Indian Wedding Culture

Indian weddings have a wide range of wedding styles and customs. There are Hindu weddings, Sikh weddings, Jain weddings, Indian Muslim weddings, Indian Christian weddings, and so on - all very Indian but with their own religious and regional customs and norms. The first thing that amazes you about a grand Indian wedding is that no two are alike.

Even among Hindu weddings, regional differences mean that a Rajasthani wedding differs from a Keralai wedding. Wedding customs and rituals, on the other hand, are similar because they represent India's uniqueness as well as the religion and ethnicity of the people involved in the wedding. Typically, the wedding has three sections: pre-marriage, main wedding, and post-marriage.

The pre-wedding includes a party, the night before the wedding, where the families of both side meet, dance and have a good time. A Pandit, who has chosen the wedding day based on the bride and groom's star signs, conducts a prayer with family members to grant the couple a happy marriage.

The following are some of the traditional wedding customs that contribute to the uniqueness of Indian weddings.

1. Misri

Indian weddings are usually three days long, including all ceremonies. Misri is the first of these rituals, which takes place a few days before the wedding day. The wedding couple shares prayers, flower garlands, and gold rings during this event. The groom's parents traditionally offer the bride a basket of gifts as well as misri (rock sugar), which symbolizes future sweetness.

2. Sangeet

The Sangeet is the first of the various pre-wedding rituals that take place before Hindu wedding ceremonies. Sangeet may be performed separately or in conjunction with the Mehendi ceremony. The bride and groom's families (or just the women) gather for song and dance as part of the celebration. Unlike many other ceremonies, the sole purpose of Sangeet is to celebrate the couple's peace and joy.

3. Mehndi

Just one day before the wedding, the Mehendi ceremony takes place. Only women are invited to this gathering, where mehndi is used to create pretty designs on their hands and feet which symbolize a strong connection between the husband and wife. The Mehendi ceremony is sometimes paired with Sagri, in which the groom's female family members present the bride with gifts and flowers.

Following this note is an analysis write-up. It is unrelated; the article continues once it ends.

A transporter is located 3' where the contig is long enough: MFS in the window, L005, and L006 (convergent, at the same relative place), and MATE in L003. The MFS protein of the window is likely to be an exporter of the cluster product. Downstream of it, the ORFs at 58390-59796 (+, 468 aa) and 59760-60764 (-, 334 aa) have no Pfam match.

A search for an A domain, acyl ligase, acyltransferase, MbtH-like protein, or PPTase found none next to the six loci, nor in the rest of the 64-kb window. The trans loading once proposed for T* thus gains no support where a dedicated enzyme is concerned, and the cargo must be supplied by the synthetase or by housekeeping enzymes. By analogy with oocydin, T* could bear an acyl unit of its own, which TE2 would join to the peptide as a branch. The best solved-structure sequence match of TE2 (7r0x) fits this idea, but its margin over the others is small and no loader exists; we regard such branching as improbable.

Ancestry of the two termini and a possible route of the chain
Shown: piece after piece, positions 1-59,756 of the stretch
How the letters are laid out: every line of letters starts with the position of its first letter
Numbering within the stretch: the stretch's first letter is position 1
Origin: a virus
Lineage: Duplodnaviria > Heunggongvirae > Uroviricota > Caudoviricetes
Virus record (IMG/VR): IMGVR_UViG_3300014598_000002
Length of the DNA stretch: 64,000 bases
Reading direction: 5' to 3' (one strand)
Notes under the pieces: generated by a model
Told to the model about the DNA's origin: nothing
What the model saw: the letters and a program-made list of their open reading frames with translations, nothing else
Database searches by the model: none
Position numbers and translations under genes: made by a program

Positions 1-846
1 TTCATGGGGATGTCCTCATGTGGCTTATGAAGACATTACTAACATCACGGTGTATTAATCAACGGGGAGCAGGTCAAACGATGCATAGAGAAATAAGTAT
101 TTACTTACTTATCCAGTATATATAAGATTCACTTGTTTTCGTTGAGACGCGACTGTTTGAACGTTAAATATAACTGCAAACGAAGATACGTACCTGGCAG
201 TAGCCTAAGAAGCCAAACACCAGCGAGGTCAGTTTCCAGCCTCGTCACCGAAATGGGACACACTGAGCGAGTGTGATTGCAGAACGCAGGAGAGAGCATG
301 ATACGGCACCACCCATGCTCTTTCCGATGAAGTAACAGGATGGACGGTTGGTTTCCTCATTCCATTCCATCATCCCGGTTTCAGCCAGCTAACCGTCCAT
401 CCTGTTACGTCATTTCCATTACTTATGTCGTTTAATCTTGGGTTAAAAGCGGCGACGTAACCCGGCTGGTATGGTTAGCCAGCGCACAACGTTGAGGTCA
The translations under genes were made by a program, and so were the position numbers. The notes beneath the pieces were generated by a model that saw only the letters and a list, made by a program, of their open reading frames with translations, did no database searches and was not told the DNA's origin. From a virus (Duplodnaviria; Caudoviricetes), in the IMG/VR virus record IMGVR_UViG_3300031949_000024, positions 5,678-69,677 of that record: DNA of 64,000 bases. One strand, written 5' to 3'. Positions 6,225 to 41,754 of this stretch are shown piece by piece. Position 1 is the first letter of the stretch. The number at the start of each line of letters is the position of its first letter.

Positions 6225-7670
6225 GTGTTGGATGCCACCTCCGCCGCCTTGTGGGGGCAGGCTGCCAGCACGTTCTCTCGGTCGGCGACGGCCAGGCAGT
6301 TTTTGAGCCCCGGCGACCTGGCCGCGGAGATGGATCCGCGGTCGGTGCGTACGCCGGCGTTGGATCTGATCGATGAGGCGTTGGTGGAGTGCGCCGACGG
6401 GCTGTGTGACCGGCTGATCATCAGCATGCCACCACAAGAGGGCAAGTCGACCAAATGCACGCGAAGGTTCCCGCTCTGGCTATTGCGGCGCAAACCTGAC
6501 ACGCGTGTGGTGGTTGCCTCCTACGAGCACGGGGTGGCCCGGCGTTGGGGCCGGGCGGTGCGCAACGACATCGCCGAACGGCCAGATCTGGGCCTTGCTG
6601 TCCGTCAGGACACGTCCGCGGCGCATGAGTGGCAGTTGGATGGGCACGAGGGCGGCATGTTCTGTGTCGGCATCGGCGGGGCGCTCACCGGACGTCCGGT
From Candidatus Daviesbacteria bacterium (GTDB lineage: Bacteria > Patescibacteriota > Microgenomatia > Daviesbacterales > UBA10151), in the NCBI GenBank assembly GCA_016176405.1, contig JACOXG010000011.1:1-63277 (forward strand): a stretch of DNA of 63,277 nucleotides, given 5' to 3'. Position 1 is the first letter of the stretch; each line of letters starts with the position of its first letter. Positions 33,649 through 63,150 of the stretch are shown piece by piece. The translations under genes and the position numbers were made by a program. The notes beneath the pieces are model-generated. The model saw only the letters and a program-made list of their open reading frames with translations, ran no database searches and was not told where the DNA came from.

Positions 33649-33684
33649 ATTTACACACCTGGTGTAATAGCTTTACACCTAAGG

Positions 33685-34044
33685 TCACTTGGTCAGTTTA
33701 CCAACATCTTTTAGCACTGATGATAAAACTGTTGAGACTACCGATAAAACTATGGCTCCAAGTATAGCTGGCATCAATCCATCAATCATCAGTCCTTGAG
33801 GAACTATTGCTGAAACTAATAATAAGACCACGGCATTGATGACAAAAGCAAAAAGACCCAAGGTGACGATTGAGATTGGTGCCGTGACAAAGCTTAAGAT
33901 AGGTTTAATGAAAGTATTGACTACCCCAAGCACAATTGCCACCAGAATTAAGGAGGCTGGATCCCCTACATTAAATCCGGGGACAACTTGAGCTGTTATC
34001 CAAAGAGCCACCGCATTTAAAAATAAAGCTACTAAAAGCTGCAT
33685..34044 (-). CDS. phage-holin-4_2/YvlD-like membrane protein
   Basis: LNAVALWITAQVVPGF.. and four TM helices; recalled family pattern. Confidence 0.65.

4. Haldi Ceremony

The Haldi ritual takes place on the morning of the wedding. Both sides of the family apply a mixture of oil, water, and turmeric to the bride and groom's skin and clothing in this tradition. The mixture is thought to bless the couple as well as moisturize and cool their skin before the wedding.

5. Mandap

The ceremony is held under a Mandap, which is a four-pillared dome in traditional Indian weddings, Each pillar is thought to represent the couple's parents, whose love, blessings, and encouragement were instrumental in the wedding's success. Bright colors, flowers, and drapes are traditionally used to decorate the Mandap.

6. Agni

An Indian couple exchange vows in front of an Agni, a sacred fire that serves as a witness to the ceremony. While reciting the sacred Hindu vow of marriage, the bride and groom take seven steps around the fire.

7. Mangalsultra

Rather than exchanging wedding rings, the groom ties a mangal sutra around the bride's neck in Hindu culture. The Mangalsultra necklace is made up of two gold pendants. The groom ties three knots in the necklace which symbolizes a close bond of 100 years.

8. Wedding attire

Indian wedding dresses are usually bright and colorful. This is because Hindu ceremonies include a brightly colored sari with gold embroidery, which symbolizes devotion, piety, and fertility. The bride will traditionally wear a Solah Shringar, a 16-piece outfit that includes make-up, jewelry, and clothing.

Each piece is designed to enhance the bride's natural beauty. The Mangtikka, a large jewel worn by the bride on her forehead and through a portion of her hair, is a prominent piece of the Solah Shringar.

For good luck, a bride may add a smidgeon of red kumkuma powder to her forehead. The bride's attire can differ depending on the area she hails from. The style of jewelry worn may also differ. The groom's outfit isn't quite as fancy.

The groom will wear a Sherwani and Mojari, a style of shoe that is frequently seen in Mughal art, at a traditional Hindu wedding. The majority of the women at the wedding will be dressed in a Sari or a Lehnga.

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